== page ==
She says she was sexually assaulted by a convicted felon while she was under the state's care
That's why she believes the abuse was allowed to go on for years.
She settled her case against the state for $1.7- million.
The woman claims the abuse happened while she lived in Tacoma with the man who was 23 years her senior.
She actually felt initially that this man was offering her a refuge.
It's all there in these court documents.
At the time, her mother was addicted to drugs.
And she felt unwanted until she met Carl Watson. She was young teenager.
Scroll down to continue reading
More news from KIRO 7
- Seattle Children's Hospital operating rooms shut down after fungus discovery
- NTSB presents findings on cause of fatal Amtrak derailment in Dupont
- Pimp sentenced to 23 years in prison for sex trafficking
- High school students in Shoreline push for free condoms on campus
- Do you have an investigative story tip? Send us an email at email@example.com
"We've had a lot of cases against DSHS in these types of situations," said Seattle lawyer Jason Amala. "KH's case is probably the most egregious that we've seen."
Amala says he believes the fact that KH is black likely played a role.
"I don't think anyone can really doubt DSHS viewed this family as a throwaway family, Hilltop area of Tacoma," he said. "And I have to think race did play a factor. And I hate to say that.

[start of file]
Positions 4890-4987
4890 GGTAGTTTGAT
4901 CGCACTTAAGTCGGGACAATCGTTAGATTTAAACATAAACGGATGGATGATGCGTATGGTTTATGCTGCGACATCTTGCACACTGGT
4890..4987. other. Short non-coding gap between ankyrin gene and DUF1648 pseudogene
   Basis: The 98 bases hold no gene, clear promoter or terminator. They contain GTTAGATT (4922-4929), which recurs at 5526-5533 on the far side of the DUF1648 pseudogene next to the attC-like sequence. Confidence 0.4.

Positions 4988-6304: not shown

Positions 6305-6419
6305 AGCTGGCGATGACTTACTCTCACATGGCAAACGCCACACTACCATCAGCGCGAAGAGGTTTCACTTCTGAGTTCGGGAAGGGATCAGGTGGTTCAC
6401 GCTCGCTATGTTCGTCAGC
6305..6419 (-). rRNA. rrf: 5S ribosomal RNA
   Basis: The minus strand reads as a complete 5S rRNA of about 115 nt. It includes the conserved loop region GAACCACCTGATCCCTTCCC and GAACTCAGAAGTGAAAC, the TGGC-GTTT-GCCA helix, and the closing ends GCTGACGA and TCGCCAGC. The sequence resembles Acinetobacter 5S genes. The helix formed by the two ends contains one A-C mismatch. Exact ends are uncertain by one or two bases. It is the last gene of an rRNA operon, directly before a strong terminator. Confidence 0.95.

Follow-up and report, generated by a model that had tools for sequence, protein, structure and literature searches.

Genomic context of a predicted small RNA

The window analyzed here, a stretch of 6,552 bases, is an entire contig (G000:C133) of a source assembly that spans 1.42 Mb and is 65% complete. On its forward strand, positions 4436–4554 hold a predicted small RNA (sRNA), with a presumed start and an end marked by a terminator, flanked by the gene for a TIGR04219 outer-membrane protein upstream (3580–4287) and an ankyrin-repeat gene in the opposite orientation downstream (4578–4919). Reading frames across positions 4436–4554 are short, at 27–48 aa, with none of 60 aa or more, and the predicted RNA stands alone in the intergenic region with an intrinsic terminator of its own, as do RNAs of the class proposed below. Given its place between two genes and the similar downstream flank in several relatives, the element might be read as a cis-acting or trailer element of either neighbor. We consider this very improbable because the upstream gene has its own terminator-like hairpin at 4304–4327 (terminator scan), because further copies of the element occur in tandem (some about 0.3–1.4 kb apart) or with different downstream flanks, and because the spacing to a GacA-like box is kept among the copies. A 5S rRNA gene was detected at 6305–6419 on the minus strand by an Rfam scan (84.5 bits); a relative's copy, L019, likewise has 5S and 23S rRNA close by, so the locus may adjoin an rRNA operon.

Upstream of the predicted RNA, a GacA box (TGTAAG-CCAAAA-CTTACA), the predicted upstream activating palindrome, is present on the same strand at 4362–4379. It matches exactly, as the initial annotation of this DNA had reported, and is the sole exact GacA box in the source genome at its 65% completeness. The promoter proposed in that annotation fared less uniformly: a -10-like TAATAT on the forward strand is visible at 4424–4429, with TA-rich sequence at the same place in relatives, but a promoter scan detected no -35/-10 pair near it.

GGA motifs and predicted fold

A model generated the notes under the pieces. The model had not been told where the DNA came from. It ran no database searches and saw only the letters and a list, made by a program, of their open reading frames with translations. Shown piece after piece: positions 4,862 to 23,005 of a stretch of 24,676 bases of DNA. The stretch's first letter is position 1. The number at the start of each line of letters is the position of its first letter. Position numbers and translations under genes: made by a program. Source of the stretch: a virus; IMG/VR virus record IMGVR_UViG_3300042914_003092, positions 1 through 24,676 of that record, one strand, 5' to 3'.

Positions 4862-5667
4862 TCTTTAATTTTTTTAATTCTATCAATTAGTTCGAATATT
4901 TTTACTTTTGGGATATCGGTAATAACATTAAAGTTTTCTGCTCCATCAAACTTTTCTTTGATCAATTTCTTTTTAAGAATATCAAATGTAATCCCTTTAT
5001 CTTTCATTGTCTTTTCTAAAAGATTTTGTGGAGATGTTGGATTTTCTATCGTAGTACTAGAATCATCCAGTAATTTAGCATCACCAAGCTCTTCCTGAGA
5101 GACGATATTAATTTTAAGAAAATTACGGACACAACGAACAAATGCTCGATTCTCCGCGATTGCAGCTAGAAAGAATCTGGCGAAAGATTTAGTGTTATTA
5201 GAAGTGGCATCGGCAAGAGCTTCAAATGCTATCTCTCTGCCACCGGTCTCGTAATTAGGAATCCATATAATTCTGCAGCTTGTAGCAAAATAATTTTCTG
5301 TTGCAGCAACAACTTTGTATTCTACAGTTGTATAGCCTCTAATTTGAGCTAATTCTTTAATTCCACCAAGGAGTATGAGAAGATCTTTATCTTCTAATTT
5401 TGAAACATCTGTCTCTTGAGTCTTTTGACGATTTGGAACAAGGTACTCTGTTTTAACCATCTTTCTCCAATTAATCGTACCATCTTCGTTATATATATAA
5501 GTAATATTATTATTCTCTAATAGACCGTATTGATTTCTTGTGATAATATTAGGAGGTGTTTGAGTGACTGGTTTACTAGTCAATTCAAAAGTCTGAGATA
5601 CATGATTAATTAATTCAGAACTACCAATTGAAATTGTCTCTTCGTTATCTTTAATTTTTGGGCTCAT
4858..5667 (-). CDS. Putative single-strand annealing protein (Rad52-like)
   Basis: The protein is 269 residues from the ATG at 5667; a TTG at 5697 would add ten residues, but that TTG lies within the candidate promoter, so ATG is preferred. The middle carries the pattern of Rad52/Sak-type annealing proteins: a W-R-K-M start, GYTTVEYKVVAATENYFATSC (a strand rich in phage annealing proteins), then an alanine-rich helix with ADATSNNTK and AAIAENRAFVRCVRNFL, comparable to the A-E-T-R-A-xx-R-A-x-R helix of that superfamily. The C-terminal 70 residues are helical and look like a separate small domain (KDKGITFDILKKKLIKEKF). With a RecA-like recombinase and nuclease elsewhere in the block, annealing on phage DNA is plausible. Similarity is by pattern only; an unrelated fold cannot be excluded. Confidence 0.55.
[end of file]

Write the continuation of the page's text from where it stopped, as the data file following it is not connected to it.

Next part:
But I don't know how you can ignore complaint after complaint and not take action."
And KH has this advice those for those social workers still on the job.
"If they would treat that person like someone they love, and give their all, and that's what it takes in situations that deal with people," said KH. "You gotta be willing to give your all from your heart. Or else things will happen like what happened to me."
The work to undo what happened to her fully began when Watson died in 2016 and she found the Seattle law firm.
"I started feeling like I was worthy,” she said, fighting back tears. "I wasn't just garbage."
That, she says, is what her life had led her to feel.
"Absolutely," she said.
"Absolutely. I was nothing. I just existed. I was good for what he told me to do."
Incredibly, KH says her faith allowed her to forgive Watson even before he died.
And her mother, who was also addicted to drugs, is now drug free, too.
She says she is creating a trust fund for the money -- to support her family.
And she plans to write a book.
Her working title: "Broken But Not Shattered."
© 2019 Cox Media Group.